The O&M Co., Jacob Cohl, Associated Press
NEW YORK — Some $70 million later, after all the tortured, bloated angst, "Spider-Man: Turn Off the Dark" is somewhat redeemed by a little special effect that costs just a few bucks.
The big finale to the new version of the show, which opened Tuesday night, has its nine stunt Spider-Men crawling all over the Foxwoods Theatre and exploding little bombs of paper that shoot streamers into the audience.
Sure, other shows do a variation on the trick, sending glitter or confetti raining down. But in this tragically epic show, it adds a dash of whimsy, of thrill, binding us to each other — and to the show — in webs of white paper.
It may come as no surprise that this little low-tech trick was added after the departure of Julie Taymor, a visionary director whose vision had apparently grown cloudy. Would she have approved of such a party trick, thinking it tacky, perhaps?
It is also a self-conscious touch — something missing from previous iterations of Taymor's glum, oh-so-serious "Spider-Man: Turn Off the Dark." This production is lighter and clearer, if thematically less challenging. It may not be the best thing in theater, but it is far from the worst show in Broadway history.
What it is is a freak, and it knows it. As the Green Goblin (a wonderful, perfectly hammy Patrick Page) sings in a newly added song that starts off Act 2: "If you're looking for a night out on the town, you just found me/(A freak like me needs company)/I'm a $65 million circus tragedy." (That joke is at least $5 million behind budget.)
"Spider-Man" is a weird mix of ultra-high-tech — the Act 2 digital projections of comic book villains is dazzling and the aerial work dizzying — and oddly low tech: A little toy train trundles across the skyline at one point. The same show that has a complicated fight between Goblin and Spidey over the audience at 40 mph also has huge cartoon-y cut outs that slide out as if in a sixth-grade talent show.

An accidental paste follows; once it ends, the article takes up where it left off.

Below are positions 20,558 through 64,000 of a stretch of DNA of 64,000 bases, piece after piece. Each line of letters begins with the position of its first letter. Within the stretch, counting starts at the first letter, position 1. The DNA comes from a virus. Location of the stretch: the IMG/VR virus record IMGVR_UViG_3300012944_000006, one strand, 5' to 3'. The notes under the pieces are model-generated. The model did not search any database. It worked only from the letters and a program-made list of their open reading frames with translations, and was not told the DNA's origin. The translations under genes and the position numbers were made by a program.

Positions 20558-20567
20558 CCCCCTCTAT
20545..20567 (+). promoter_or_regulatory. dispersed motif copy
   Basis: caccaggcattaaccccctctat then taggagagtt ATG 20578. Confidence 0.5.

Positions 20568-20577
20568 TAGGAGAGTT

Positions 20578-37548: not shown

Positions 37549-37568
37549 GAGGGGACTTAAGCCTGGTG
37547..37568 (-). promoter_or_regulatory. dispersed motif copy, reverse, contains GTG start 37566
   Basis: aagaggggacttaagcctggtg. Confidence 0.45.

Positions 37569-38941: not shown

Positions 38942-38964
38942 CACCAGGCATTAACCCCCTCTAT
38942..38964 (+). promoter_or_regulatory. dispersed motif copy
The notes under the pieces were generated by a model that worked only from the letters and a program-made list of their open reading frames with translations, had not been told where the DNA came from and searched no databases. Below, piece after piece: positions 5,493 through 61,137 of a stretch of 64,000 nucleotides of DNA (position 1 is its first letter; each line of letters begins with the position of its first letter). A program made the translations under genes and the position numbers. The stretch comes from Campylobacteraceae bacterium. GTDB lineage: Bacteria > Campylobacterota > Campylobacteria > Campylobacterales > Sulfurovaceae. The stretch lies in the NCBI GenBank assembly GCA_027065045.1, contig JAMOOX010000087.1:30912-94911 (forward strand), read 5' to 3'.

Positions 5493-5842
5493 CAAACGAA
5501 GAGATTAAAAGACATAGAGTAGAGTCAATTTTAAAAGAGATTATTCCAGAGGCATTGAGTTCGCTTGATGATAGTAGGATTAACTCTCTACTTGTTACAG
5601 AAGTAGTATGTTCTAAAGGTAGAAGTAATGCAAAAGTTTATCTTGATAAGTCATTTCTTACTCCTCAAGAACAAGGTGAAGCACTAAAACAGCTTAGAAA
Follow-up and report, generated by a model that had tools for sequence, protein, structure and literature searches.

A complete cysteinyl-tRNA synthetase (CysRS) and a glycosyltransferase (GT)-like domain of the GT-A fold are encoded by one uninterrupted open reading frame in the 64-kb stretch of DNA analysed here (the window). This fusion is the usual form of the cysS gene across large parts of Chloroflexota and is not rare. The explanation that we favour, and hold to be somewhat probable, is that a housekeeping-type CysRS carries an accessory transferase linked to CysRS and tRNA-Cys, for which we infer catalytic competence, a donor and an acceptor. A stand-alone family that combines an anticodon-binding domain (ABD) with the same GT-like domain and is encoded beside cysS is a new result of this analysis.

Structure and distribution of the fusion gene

There is also an inconsistency of imagery. Some characters are human. Some — a trio of comic-strip crooks — are encased in huge Mardi Gras-like mask heads and carry fake machine guns. Six super-psychos called the Sinister Six (the show takes poetic license by creating some of the Six that are not in the Spider-Man comic books) exists seemingly only to show off costume designer Eiko Ishioka's skill.
That inconsistency extends to the Daily Bugle newsroom where you find a 1940s sensibility with cigar-chomping publisher J. Jonah Jameson and a stenograph pool populated by women, yet references to the Internet. It barely makes sense. It's like coming across vestigial elements from some long-lost musical — once great ideas now abandoned yet somehow preserved in the mechanism.
But why strive for sense when producers have already paid for the scenes? "You can change your mind but you cannot change your heart," Peter Parker sings in the song "Boy Falls From the Sky."
Philip William McKinley, who was brought in the take over Taymor's directing duties, and script doctor Roberto Aguirre-Sacasa, together with original co-book writer Glenn Berger, have done a credible job in a very short time smoothing out this freak, but bumps remain.
What you ultimately get is what Taymor seemed determined not to do: a simplistic story of geeky boy falls for pretty girl, gets bitten by weird spider, becomes Spider-Man and then must choose between wooing the girl or saving the world.
There's also the parallel story of scientist Norman Osborne bent on creating Mankind 2.0 through DNA manipulation. ("Mutate and live," the mad-scientist says, in a slogan that could fit the new show's attempt to create Spider-Man 2.0.)
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